Activity C Description

This activity explores probability. The setup:

Biologists often use the mark-and-recapture method as a way to estimate the size of a population. This method involves capturing a sample from the population, tagging each member of the sample, then returning them to the population. A second sample is later captured, and the tagged members are counted and recorded. The results from the two samples can be used to estimate the size of the population.

How does this work, exactly? It’s actually pretty brilliant.

Mark & Recapture

It’s impossible to capture an entire population, whether this means physically trapping animals as in the example or simply knowing the actual number in an experiment like this. The steps to the Mark & Recapture method are essentially thus using a:

1. Mark a number of selected individuals in a population, animals or otherwise
2. Return those individuals to the natural population
3. Allow complete mixing—that is, don’t artificially capture the marked individuals immediately without ensuring they are randomly dispersed back into the population.
4. Take a second sample. Theoretically, in that second sample, the proportion of marked to unmarked individuals will allow you to determine the entire population using relatively simple math1:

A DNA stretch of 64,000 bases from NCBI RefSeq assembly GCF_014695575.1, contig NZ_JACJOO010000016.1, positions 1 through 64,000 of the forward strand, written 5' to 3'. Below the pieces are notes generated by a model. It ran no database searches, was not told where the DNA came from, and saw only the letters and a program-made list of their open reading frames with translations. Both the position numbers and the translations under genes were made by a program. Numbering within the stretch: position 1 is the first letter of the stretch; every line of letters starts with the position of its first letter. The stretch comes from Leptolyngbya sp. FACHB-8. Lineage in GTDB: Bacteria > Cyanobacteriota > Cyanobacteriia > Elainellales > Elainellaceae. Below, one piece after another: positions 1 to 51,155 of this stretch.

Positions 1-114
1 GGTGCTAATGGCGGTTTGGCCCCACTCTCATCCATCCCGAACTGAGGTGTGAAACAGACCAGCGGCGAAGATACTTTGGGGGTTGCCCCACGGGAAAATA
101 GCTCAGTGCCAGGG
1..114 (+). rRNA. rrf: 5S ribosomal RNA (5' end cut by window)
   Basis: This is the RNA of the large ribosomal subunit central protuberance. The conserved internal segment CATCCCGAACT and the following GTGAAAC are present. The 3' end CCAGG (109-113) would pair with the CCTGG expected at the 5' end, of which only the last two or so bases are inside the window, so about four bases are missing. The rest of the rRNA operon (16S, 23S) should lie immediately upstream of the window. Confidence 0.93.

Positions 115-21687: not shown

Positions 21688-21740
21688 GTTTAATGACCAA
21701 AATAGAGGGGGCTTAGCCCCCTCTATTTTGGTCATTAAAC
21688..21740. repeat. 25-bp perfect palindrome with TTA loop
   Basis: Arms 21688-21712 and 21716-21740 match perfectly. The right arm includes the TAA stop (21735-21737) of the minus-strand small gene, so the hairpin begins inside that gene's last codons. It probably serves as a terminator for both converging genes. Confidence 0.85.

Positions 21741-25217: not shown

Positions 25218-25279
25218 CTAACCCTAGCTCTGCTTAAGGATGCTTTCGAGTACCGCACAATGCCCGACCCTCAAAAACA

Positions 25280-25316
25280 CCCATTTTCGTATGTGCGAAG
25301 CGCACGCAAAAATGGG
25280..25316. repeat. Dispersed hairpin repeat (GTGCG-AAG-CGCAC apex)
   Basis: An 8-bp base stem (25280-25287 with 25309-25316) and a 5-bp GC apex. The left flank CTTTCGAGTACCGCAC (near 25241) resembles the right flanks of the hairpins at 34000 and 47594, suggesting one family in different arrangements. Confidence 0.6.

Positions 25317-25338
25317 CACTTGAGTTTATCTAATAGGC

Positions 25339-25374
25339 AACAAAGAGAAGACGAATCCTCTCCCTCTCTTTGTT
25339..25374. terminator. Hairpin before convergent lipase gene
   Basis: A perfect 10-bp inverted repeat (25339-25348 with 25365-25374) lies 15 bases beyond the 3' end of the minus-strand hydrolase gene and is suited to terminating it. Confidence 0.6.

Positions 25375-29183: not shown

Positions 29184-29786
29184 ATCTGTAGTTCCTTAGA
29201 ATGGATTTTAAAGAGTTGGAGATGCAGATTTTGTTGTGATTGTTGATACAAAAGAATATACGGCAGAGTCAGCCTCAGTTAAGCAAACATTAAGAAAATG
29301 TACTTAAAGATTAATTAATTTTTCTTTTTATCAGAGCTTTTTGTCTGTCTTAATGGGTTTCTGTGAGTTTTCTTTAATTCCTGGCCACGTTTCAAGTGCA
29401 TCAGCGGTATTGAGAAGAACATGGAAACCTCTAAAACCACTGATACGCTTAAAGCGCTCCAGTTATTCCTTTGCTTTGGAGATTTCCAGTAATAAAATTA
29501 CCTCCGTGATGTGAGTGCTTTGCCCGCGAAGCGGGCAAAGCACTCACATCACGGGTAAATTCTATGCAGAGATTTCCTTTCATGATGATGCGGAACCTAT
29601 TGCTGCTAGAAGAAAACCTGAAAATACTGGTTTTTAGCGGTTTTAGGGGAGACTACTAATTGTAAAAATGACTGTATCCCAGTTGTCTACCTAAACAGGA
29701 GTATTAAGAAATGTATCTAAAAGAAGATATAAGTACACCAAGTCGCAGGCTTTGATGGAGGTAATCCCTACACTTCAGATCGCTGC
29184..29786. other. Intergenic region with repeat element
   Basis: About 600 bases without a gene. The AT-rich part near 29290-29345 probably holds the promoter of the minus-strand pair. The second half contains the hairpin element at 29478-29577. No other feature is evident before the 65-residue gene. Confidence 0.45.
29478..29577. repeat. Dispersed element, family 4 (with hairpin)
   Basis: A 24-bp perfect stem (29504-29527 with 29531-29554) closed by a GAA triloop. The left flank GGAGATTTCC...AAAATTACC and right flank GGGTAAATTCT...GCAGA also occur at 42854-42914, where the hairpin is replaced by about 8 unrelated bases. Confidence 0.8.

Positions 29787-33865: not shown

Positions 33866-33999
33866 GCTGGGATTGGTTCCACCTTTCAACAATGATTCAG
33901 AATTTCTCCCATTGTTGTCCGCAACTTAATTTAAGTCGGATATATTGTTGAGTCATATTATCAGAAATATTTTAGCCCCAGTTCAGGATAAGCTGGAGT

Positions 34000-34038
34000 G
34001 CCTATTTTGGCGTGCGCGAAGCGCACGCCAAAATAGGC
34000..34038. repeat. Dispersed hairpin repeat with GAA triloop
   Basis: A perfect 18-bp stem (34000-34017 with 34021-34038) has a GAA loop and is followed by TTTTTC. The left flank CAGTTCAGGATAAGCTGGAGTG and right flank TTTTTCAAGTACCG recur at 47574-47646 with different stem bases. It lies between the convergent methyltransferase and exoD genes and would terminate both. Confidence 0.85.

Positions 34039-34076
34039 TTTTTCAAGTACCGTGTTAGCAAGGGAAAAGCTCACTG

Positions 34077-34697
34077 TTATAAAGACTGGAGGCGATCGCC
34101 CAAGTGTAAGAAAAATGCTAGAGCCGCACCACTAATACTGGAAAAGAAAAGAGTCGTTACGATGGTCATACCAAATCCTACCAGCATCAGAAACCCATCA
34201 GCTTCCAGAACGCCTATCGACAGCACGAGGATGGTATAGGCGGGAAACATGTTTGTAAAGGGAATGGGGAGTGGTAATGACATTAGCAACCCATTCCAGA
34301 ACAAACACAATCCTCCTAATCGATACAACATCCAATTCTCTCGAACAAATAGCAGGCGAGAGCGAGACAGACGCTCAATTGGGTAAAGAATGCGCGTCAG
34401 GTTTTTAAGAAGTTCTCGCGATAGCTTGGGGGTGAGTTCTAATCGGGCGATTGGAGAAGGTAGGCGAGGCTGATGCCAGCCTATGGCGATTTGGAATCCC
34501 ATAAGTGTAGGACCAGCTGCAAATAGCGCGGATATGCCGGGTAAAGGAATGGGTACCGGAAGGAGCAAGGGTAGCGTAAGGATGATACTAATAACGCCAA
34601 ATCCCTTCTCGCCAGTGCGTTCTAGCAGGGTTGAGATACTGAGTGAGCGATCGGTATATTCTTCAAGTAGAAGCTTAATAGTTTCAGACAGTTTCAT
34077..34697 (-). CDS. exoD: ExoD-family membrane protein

$\frac{R \text{ (marked recaptures)}}{T \text{ (total in second sample)}} = \frac{M \text{ (marked initially)}}{N \text{ (total population)}}$

Knowing this, we can determine the estimated natural population:

$N = \frac{M \times T}{R}$

Assignment

The actual work for this activity is analog. That is, you’ll be using physical objects and recording data on paper. Treat this assignment like field work and use a notebook, jotting down your notes and observations as you go.

Create and submit a document based on and including the following:

1. Simulate the same procedure using some uniform collection of items such as colored beads, M&Ms (try not to eat any until you’re all done), colored cards, or pieces of paper that you mark with different colors using pens, pencils, markers, etc.
2. First, start with a large collection of such items—at least 80 total. Just estimate; you wouldn’t actually know the exact number in reality, remember!
3. Then, randomly collect a sample of 50 items and use a marker (or something similar) to “tag” each one. Record your results.
4. Next, replace the tagged items by mixing them back into the whole population.
5. Now, select a second sample to estimate the population size.
1. Compare the result to the actual population size by counting all the items. If you used different sample sizes, does your estimate of the population change?
2. Test this question by using three different sample sizes.

1. Based on content from John Kell